Global efforts have successfully developed both expedited means of testing for the COVID-19 virus and, more recently, vaccines.
Employers may thus wish to explore the introduction of workplace policies which formalise mandatory testing and vaccination protocols in order to restore their workplaces to some level of normality, particularly workplaces where remote working is not suitable.
Click here to read our full piece, in which we attempt to give employers some guidance as to how to approach these issues. We must however stress at the outset that these questions are unprecedented and throw into stark relief the competing rights of individuals, their employers and the public at large. We also appreciate that a number of the issues involve moral and ethical considerations that are difficult, if not impossible, to resolve.
- In general, employees may not be dismissed or subjected to material adverse action in the workplace for refusing to undergo a vaccination.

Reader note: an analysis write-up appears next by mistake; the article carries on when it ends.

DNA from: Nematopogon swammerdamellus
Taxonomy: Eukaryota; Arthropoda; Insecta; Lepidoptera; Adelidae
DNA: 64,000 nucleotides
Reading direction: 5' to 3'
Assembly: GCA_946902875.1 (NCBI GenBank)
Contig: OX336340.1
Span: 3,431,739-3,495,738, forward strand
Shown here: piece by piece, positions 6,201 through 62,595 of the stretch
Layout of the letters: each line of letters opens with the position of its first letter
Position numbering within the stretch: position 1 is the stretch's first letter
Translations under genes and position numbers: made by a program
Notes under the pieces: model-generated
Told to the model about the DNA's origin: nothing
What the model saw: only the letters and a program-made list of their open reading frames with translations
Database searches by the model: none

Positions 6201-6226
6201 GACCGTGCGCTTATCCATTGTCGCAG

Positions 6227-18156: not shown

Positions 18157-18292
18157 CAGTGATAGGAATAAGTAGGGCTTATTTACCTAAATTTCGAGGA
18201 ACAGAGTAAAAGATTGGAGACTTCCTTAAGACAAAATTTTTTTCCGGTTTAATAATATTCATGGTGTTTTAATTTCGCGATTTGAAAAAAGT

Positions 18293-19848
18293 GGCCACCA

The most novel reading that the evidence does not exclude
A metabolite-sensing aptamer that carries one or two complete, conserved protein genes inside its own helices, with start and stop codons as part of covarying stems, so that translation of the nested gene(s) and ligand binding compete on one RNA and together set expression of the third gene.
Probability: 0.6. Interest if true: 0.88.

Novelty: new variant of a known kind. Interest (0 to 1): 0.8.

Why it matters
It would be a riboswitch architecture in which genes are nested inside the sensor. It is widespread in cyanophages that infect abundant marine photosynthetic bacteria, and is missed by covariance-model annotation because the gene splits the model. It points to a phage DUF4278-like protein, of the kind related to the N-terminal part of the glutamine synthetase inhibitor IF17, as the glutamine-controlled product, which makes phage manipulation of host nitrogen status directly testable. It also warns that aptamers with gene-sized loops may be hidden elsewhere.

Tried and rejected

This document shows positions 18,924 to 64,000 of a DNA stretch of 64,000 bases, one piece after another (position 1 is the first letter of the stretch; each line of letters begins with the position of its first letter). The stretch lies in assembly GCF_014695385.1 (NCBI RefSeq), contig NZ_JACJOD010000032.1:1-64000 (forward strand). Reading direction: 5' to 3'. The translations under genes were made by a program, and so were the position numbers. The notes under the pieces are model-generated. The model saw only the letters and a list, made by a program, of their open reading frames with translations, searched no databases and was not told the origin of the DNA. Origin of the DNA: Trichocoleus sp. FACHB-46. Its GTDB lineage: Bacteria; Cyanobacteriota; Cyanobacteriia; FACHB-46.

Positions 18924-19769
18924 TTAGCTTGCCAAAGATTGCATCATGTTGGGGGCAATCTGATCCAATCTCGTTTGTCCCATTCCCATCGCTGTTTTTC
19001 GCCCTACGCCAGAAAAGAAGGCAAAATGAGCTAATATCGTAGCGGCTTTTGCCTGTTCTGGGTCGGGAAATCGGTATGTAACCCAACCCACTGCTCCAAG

- Whilst there are circumstances under which an employer would be justified in taking adverse action against an employee who refuses to undergo a COVID-19 vaccination, such cases would be exceptional, and employers would do well to obtain case specific advice before introducing workplace policies. It is likely that other forms of incentive (such as public awareness campaigns and ‘vaccination passports’ for international travel) will be more successful to increase the uptake of vaccinations.
- Employee testing and screening, including enquires as to vaccinations would constitute medical testing under the EEA, but would in all likelihood be justifiable given the considerable risks attendant upon COVID-19 transmission.
- Employers will need to ensure compliance with POPI when obtaining employee medical data.